In a secluded corner of Joshua Tree, a livestock tank painted white, surrounded with cactuses and crowned with black string lights, serves as an outdoor tub for ultrahip Airbnb “The Shack Attack,” owned by Kathrin and Brian Smirke.
The tub, which the Smirkes dreamed up as a respite from the desert elements, quickly took on new life as an Instagram photo booth of sorts, where guests are all too eager to pose for a mid-soak snap.
Last year, New York magazine’s the Strategist dubbed stock tanks “the Mason jars of backyard pools.” But unlike Mason jars, this resurging throwback shows no sign of losing steam.
“People in the country have been using stock tanks and clawfoot tubs as pools for years,” says Taysha Murtaugh, lifestyle editor for CountryLiving.com, an early chronicler of the DIY pool trend. “Many of our readers have told us they remember spending their summers in these ‘hillbilly hot tubs,’ as they’re affectionately called, back in the ’50s and ’60s.”
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Murtaugh saw the trend take off last spring after Country Living picked up a stock-tank pool tutorial from retail chain Tractor Supply Co. at about the same time that pools hacked together out of wooden pallets, shipping containers and pickup truck beds starting gaining traction on Pinterest and Instagram.
Scroll through enough photos of these filter-enhanced water features during the dog days of summer, and all of a sudden taking a hose to just about any large vessel seems enticing. But is rigging up your own outdoor oasis really a good idea?
“For a lot of people, when it comes to outdoor living, they want something unique and different that ties into their personality,” says Kurt Kraisinger, founder of Lorax Design Group in Overland Park, Kansas, and member of the American Society of Landscape Architects. “Whether a DIY or custom project, each should be approached with caution.”
Although DIY shipping-container and pallet pools aren’t exactly practical, Kraisinger says that, executed correctly, stock-tank pools achieve a certain design aesthetic for a fraction of the cost of an in-ground pool. But once you start adding custom features such as pumps, filters and lighting, look to a professional to ensure everything is up to code, says Kraisinger, who after 25 years in the business has seen his fair share of DIY disasters.
“It ends up costing three times as much as if they would have asked a professional from the start,” he warns.
Nashville bloggers Casey Freeman and Savannah McNeill of the blog Hey Wanderer fell for the look of stock-tank pools after seeing them on Instagram and Pinterest, but it took a few rounds of trial and error and plenty of elbow grease to achieve their perfect backyard setup. One of their biggest concerns from the get-go was keeping pesky Tennessee mosquitoes at bay.
“The first season, we hired a landscaper, and he set it up as a pond,” Freeman says. “It had a waterfall pump that kept water circulating but didn’t filter it.”
McNeill decided to take matters into her own hands, assembling an aboveground pool pump and filtration system she purchased at a hardware store and documenting her step-by-step process in a YouTube tutorial. The bloggers say it’s their most popular video to date, and the corresponding post has generated significant commission from affiliate links.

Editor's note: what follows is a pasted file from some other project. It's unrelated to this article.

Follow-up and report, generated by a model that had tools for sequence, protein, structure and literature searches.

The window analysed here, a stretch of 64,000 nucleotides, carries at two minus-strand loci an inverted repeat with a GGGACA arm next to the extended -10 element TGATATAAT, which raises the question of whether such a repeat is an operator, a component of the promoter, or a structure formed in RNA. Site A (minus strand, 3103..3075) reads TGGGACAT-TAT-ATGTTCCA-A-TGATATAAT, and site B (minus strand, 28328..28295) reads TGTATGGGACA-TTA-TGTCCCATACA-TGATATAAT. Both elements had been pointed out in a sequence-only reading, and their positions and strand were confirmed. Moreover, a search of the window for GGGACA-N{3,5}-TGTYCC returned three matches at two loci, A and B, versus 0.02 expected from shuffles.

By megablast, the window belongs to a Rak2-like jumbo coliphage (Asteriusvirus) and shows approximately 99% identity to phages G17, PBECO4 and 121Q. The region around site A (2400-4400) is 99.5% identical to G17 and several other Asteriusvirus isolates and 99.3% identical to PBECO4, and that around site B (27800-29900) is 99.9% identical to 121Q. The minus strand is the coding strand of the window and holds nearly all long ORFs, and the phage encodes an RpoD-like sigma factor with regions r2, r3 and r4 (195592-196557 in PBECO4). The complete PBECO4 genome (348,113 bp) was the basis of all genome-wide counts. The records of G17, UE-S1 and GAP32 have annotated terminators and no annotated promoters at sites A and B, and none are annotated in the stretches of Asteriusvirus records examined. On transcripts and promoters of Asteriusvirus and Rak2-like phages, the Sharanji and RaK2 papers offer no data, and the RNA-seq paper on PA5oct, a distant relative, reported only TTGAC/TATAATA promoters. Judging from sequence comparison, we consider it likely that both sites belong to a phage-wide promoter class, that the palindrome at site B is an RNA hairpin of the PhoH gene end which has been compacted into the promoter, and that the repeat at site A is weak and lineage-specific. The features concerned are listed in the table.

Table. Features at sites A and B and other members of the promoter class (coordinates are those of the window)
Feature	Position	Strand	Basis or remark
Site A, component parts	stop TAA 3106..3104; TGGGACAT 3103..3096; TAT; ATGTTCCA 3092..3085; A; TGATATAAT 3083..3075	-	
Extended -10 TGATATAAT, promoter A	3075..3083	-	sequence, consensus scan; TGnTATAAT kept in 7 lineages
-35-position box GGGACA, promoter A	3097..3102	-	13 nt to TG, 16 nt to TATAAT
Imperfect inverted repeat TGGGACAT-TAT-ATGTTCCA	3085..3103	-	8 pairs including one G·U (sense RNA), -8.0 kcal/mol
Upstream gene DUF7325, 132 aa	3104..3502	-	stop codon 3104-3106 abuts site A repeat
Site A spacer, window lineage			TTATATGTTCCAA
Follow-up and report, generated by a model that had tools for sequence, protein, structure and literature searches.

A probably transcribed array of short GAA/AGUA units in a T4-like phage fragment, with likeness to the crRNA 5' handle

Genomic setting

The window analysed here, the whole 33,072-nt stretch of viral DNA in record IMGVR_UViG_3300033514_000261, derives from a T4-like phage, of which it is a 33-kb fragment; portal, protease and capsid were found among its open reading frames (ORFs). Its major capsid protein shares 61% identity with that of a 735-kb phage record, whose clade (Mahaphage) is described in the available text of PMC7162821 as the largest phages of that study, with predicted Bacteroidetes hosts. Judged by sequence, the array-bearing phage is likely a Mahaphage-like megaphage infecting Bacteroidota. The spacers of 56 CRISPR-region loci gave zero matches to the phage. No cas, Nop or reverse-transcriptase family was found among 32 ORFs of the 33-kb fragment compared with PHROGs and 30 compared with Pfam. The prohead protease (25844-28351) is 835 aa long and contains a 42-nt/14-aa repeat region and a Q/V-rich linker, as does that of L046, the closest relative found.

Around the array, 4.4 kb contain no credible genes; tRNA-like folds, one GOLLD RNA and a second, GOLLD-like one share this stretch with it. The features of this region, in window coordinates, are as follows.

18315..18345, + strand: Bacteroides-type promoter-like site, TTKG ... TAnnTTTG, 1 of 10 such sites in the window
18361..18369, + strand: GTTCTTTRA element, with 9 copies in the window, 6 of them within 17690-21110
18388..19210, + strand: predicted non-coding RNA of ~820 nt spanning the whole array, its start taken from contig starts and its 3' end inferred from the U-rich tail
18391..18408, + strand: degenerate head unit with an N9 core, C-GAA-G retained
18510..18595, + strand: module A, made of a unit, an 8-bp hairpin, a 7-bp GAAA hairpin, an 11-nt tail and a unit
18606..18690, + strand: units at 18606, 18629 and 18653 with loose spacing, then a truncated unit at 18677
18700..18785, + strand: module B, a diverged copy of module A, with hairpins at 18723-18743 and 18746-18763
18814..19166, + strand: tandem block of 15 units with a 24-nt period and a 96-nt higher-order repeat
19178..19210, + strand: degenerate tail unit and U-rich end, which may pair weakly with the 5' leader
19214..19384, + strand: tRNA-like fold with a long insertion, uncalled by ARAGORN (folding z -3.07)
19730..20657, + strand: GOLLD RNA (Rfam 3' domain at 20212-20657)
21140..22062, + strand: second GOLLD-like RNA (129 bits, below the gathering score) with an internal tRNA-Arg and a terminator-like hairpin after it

Not bad for a project they estimate cost approximately $500 – they purchased the stock tank from a local co-op for $350 and spent about $100 on the pump.
McNeill, who has since built a custom bench seat around the perimeter of the pool – which they call a “game changer” – says the project definitely requires someone with a DIY mentality.
Ultimately, Freeman and McNeill say, the 8-foot-diameter pool has been worth the sweat equity and never fails to impress house guests. “People lose their mind when they see it,” Freeman says.
The usefulness of stock-tank pools extends beyond happy hour; they are sturdier and more aesthetically pleasing alternatives to plastic kiddie pools.
Darci Haney of MD Haney & Co., an Oregon-based home design and remodeling company she runs with her husband, says she, too, found a picture of a stock-tank pool online when looking for an affordable pool option for her two daughters and quickly became a convert.
“I love the look of it – it went with the feel of our landscape,” she says. “I couldn’t quite get over the bright blue of aboveground pools.”
Now in their second summer with their 8-foot-diameter stock-tank pool, Haney says it’s big enough for her children, ages 5 and 7, to float in inner tubes and strong enough for them to hold onto the sides and kick their feet.
Her husband, an experienced contractor, had no trouble setting up the pool, leveling it out with sand, and surrounding it with river rock so the girls wouldn’t track in grass. Other kid-friendly additions include a solar heater, custom cover and sand filter pump, as an alternative to harsh chemicals.
“I think it’s resonating with different people aesthetically because it’s a fun look that goes with different styles of homes and backyards,” she says.
For those who love the look of a stock-tank pool but don’t trust themselves near a pump-filtration system, Kraisinger says the best option might just be something that’s designed to operate as, ahem, a pool.
He recalls a project he designed on a ranch in Kansas about seven years ago, where a client requested a pool overlooking his property that resembled a watering tank for his cattle. Kraisinger chose to incorporate a circular, aboveground pool surrounded with natural wooden planks. The stock tank? He reserved that for the cows.